This humorous, poignant, and conversational guide invites young men and women to practically apply gospel solutions to all of life’s pressures, big or small. From navigating failure, roadblocks, and spiritual warfare to tackling relevant, hard-hitting topics such as drinking, sex, dating, pornography, and the fear of missing out, Pressure Points by Shelby Abbott encourages college students to consider Jesus in the midst of everyday struggles.
With twenty years of experience in college ministry, Shelby Abbott is keenly aware of the pressures young men and women face. Used for biblical reflection, group discussion, devotional reading, or large group Bible study discussion, Pressure Points is full of rich gospel hope for all readers. This flexible resource points to Scripture and Abbott’s funny, easily digestible reflections to help modern-day college students maneuver their early years toward the gospel, challenging young adults to see their struggles through a biblical lens.
By addressing relevant challenges and practical hardships with gospel advice, Pressure Points guides readers to see and lean on the person of Jesus, reflecting on important issues in light of the gospel. From waiting on the Lord with patience, learning to fellowship with him in his sufferings, to wrestling with purpose, relationships, and the growing challenges of today’s culture, Pressure Points is a timely and refreshing voice for young people pointing to a bottomless pit of grace.
I received this book from the author/publisher via I Read With Audra for the purpose of this review. All comments and opinions are entirely my own.
In a world where saying “I’m stressed out” is automatic and almost normal, Pressure Points is a book that guides students to break out of that cycle and overcome the pressure points in their lives.
Being a stressed-out college student myself, I am, without a doubt, the target audience for this book. I’ve encountered many of the issues that the author uses as examples and his advice for putting Jesus in the middle of those situations is something I’ve always tried to do. But more than just saying what we should do, Abbott goes a step further and tells you how to walk a Christian life in the midst of the chaos of college.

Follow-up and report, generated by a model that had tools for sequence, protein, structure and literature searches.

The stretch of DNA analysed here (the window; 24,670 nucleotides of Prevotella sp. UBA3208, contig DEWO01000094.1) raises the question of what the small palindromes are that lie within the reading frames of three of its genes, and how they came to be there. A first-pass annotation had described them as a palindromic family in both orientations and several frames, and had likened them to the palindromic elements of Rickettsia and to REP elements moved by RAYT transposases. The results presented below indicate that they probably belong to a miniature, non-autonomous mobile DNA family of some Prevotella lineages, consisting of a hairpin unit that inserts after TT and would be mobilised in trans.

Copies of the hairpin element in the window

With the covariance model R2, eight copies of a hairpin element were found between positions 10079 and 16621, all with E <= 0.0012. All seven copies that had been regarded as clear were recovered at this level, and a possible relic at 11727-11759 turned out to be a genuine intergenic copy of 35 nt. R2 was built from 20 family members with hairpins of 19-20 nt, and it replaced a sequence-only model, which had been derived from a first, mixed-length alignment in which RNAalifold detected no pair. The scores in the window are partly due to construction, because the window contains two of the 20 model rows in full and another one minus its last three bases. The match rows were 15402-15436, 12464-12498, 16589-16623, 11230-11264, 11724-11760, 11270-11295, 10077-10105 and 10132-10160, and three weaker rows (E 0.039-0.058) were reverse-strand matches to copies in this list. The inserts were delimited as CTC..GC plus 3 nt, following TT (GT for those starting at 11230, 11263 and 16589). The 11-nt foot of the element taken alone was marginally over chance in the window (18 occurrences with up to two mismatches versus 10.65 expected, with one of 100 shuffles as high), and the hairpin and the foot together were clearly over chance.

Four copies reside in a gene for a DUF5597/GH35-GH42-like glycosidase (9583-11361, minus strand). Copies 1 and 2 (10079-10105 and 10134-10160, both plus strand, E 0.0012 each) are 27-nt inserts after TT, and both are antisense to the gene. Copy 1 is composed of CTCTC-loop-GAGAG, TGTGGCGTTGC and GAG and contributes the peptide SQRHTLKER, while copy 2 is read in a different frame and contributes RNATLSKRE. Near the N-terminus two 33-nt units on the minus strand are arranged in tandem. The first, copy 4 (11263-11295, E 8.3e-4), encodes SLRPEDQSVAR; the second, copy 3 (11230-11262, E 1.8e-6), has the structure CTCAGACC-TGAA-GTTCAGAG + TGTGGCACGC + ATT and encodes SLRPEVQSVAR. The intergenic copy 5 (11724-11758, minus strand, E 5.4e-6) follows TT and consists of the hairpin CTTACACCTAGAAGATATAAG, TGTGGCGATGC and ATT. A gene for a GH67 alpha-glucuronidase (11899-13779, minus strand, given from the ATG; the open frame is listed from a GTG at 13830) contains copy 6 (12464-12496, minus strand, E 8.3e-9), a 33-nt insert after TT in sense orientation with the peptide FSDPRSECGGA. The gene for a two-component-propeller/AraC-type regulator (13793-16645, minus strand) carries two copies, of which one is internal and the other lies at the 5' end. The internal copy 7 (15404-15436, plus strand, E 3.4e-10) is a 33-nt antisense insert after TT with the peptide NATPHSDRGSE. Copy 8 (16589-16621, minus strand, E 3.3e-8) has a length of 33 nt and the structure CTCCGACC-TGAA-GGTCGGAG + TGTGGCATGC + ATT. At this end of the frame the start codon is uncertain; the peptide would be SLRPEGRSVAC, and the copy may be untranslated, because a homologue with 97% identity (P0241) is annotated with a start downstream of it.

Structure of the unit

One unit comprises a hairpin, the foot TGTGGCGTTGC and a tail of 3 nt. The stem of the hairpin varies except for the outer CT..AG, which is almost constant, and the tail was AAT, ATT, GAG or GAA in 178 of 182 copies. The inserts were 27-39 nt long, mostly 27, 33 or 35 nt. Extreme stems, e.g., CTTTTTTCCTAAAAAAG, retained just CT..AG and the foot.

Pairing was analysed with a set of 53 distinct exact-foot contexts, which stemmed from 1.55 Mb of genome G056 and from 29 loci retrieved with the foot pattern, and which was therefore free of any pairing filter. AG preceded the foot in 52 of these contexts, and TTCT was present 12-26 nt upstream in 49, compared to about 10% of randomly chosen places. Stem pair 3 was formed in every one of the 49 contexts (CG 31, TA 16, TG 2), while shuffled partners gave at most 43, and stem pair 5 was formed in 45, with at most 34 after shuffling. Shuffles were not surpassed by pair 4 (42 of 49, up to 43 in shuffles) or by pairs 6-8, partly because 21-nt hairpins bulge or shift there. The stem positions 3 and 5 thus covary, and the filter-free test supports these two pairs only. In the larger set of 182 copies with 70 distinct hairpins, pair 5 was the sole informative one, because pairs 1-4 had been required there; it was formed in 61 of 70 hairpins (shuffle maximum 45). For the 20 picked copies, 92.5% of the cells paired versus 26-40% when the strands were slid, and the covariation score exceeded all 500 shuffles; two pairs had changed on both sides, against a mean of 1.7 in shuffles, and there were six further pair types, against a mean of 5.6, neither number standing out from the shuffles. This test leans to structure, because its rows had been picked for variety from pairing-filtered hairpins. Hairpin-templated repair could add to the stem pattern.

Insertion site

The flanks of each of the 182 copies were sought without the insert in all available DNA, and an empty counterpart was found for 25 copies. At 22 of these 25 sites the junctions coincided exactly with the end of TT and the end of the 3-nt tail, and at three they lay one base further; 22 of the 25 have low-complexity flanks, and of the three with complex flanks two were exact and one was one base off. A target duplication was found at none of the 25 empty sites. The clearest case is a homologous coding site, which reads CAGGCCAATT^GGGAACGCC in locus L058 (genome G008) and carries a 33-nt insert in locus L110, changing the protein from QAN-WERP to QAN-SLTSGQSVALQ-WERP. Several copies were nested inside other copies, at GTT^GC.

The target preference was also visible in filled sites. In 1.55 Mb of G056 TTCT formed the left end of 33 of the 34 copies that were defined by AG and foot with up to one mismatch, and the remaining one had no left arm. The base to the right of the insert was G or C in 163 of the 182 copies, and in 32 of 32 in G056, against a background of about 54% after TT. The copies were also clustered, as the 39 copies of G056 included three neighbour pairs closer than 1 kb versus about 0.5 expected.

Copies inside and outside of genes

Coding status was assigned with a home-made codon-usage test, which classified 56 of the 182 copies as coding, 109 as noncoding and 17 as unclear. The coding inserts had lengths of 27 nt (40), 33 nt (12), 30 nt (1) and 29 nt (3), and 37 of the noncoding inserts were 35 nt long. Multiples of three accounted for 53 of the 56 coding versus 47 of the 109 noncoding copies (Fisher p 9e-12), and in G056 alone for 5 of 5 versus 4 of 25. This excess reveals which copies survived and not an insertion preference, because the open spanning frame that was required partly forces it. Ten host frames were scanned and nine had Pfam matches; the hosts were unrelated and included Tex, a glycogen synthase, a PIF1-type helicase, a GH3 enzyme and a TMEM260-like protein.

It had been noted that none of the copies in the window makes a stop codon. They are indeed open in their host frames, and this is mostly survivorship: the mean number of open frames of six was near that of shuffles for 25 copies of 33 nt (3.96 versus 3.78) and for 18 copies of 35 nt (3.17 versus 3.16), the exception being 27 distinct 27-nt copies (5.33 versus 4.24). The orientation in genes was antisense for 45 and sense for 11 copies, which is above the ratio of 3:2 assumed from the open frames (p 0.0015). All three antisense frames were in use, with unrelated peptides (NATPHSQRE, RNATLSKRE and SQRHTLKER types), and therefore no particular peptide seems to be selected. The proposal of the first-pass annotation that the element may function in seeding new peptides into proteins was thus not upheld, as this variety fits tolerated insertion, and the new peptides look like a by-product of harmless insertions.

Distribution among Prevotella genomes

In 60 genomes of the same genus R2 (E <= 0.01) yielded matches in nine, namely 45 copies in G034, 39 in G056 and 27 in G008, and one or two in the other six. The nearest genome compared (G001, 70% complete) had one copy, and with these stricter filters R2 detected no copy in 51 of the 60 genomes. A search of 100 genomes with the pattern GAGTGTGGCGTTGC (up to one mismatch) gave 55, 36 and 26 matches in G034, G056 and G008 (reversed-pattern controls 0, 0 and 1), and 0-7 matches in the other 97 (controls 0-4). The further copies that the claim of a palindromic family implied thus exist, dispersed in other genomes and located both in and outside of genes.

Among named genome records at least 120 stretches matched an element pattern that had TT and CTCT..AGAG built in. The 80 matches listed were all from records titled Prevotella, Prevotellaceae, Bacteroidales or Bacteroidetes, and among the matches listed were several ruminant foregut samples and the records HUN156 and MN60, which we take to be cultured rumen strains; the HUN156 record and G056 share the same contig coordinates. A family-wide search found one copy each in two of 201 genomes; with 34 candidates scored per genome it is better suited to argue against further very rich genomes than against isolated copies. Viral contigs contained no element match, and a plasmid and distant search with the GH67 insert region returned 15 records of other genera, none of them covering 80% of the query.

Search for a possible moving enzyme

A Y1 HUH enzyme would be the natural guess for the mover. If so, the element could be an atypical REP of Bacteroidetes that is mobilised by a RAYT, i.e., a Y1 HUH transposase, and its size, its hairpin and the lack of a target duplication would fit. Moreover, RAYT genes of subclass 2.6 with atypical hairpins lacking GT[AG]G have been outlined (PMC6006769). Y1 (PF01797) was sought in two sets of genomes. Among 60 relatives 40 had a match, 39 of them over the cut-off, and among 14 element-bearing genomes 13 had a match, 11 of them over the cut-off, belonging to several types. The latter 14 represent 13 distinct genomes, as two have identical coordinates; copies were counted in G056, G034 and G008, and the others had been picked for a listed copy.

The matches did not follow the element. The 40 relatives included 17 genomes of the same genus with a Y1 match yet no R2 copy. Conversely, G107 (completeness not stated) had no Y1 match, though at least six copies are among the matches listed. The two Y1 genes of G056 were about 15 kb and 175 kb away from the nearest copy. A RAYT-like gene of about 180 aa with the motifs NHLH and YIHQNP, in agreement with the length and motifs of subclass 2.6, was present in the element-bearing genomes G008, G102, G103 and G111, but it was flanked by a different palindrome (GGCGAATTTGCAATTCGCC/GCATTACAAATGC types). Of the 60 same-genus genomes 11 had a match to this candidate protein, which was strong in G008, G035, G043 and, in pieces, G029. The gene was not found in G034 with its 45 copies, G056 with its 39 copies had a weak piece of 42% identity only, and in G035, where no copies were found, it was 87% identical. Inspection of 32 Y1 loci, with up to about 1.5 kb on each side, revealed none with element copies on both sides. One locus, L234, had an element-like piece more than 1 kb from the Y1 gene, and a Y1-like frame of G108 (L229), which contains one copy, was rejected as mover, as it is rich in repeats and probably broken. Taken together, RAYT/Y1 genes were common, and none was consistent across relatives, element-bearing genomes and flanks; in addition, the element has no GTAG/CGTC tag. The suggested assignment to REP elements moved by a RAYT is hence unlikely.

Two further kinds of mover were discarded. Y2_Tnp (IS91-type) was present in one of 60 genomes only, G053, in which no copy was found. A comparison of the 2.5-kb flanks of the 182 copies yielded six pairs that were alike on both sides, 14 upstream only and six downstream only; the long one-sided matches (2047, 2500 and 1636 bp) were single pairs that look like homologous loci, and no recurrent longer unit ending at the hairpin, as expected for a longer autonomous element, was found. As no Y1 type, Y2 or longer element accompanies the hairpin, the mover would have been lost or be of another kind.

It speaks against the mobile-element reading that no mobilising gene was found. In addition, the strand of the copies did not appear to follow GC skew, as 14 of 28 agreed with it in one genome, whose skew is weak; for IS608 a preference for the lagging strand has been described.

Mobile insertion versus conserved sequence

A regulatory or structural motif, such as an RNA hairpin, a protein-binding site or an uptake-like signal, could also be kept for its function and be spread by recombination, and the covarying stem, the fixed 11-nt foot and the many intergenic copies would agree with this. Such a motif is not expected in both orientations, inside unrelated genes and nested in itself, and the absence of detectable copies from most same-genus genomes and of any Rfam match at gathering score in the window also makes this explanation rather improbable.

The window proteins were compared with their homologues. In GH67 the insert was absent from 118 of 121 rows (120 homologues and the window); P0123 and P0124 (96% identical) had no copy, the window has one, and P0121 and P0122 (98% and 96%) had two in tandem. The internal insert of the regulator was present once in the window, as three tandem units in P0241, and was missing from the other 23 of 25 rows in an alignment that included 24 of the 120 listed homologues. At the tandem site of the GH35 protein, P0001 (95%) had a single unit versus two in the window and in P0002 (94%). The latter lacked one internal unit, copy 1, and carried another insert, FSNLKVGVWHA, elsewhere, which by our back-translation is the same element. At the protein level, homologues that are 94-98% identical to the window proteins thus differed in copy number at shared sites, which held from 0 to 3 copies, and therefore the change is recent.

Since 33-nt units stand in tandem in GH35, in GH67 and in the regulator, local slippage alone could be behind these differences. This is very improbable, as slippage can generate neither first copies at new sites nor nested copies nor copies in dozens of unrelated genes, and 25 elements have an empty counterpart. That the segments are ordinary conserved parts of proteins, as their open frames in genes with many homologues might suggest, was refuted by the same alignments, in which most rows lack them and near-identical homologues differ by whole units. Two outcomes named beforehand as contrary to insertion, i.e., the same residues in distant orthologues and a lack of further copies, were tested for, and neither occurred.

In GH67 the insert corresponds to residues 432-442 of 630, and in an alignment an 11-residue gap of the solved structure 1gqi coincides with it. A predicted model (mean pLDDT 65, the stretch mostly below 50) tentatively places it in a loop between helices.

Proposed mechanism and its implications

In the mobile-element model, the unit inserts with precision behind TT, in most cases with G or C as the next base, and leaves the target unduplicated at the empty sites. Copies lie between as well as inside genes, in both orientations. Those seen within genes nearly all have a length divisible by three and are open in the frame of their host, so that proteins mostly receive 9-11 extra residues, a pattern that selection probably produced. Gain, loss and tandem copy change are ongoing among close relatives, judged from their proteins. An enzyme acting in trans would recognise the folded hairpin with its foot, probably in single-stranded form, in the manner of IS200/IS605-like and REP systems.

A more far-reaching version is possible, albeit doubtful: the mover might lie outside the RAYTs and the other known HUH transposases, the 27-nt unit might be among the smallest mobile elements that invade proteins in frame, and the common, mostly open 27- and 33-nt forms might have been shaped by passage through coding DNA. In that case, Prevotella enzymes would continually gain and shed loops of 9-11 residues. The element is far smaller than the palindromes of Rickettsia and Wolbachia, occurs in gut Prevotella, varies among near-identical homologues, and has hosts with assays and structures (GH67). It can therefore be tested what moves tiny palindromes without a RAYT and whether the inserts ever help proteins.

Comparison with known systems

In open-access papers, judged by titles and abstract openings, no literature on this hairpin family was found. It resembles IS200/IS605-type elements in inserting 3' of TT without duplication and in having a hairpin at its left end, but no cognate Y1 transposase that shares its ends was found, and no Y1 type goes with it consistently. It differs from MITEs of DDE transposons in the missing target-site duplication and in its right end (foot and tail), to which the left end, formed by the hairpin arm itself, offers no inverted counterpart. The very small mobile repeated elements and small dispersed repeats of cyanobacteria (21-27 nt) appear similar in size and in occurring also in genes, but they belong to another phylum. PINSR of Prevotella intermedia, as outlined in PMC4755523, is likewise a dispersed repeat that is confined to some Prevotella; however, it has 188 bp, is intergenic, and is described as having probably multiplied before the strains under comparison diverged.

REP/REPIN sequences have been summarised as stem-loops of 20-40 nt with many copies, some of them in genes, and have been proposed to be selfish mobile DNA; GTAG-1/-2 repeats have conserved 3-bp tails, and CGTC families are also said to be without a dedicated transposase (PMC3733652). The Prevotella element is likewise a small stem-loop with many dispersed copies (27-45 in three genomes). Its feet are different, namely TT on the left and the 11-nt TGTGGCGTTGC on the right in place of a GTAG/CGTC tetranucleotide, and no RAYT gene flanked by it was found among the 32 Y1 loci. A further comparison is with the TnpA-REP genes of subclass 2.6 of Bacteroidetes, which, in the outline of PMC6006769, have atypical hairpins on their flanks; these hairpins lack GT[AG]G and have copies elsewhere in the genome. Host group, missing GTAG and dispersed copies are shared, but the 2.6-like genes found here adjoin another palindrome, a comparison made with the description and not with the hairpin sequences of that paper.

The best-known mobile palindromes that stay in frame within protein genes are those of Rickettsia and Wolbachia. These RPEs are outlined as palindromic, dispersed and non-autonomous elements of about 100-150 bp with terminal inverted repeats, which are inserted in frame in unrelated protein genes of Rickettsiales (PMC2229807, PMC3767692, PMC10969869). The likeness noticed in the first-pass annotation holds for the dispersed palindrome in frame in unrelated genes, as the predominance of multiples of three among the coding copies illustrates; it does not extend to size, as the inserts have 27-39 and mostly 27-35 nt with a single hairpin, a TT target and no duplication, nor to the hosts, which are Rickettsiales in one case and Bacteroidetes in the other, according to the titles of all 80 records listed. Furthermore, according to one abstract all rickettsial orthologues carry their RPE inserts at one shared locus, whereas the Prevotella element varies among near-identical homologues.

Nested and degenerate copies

Pressure Points is extremely conversational, not preachy. Abbott is honest about his own college life experiences, his struggles and triumphs, so it doesn’t feel like he considers himself “holier than thou”. It’s just an honest, down to earth book that shows his passion for college students finding their calling as Christians and overcoming the college temptations.
A couple chapters that I really liked, were the chapters on respecting parents as an adult college student, and the relationship/friendships advice. Don’t get me wrong, the entire book is great, but these chapters really stood out as exceptional to me. The one on respecting parents as a college student is something that just really needed to be said. Abbott discusses the tension between wanting to be entirely on your own, as a young adult, but also still depending on your parents for college tuition and other monetary support. He details the need for your respect, as a college student, to your parents in this stage of life to keep those parent/kid fights from ripping the family apart. That chapter was just really well done and I truly wish I had been able to read it while I still lived at home. The friendships and relationships chapters were equally as well done and I recommend the book for those chapters alone!
Overall, I was really pleased upon finishing Pressure Points and I really recommend reading it as a college student, or even a high school student considering going to college. It’s a great book of preparation. I give it 5 out of 5 stars.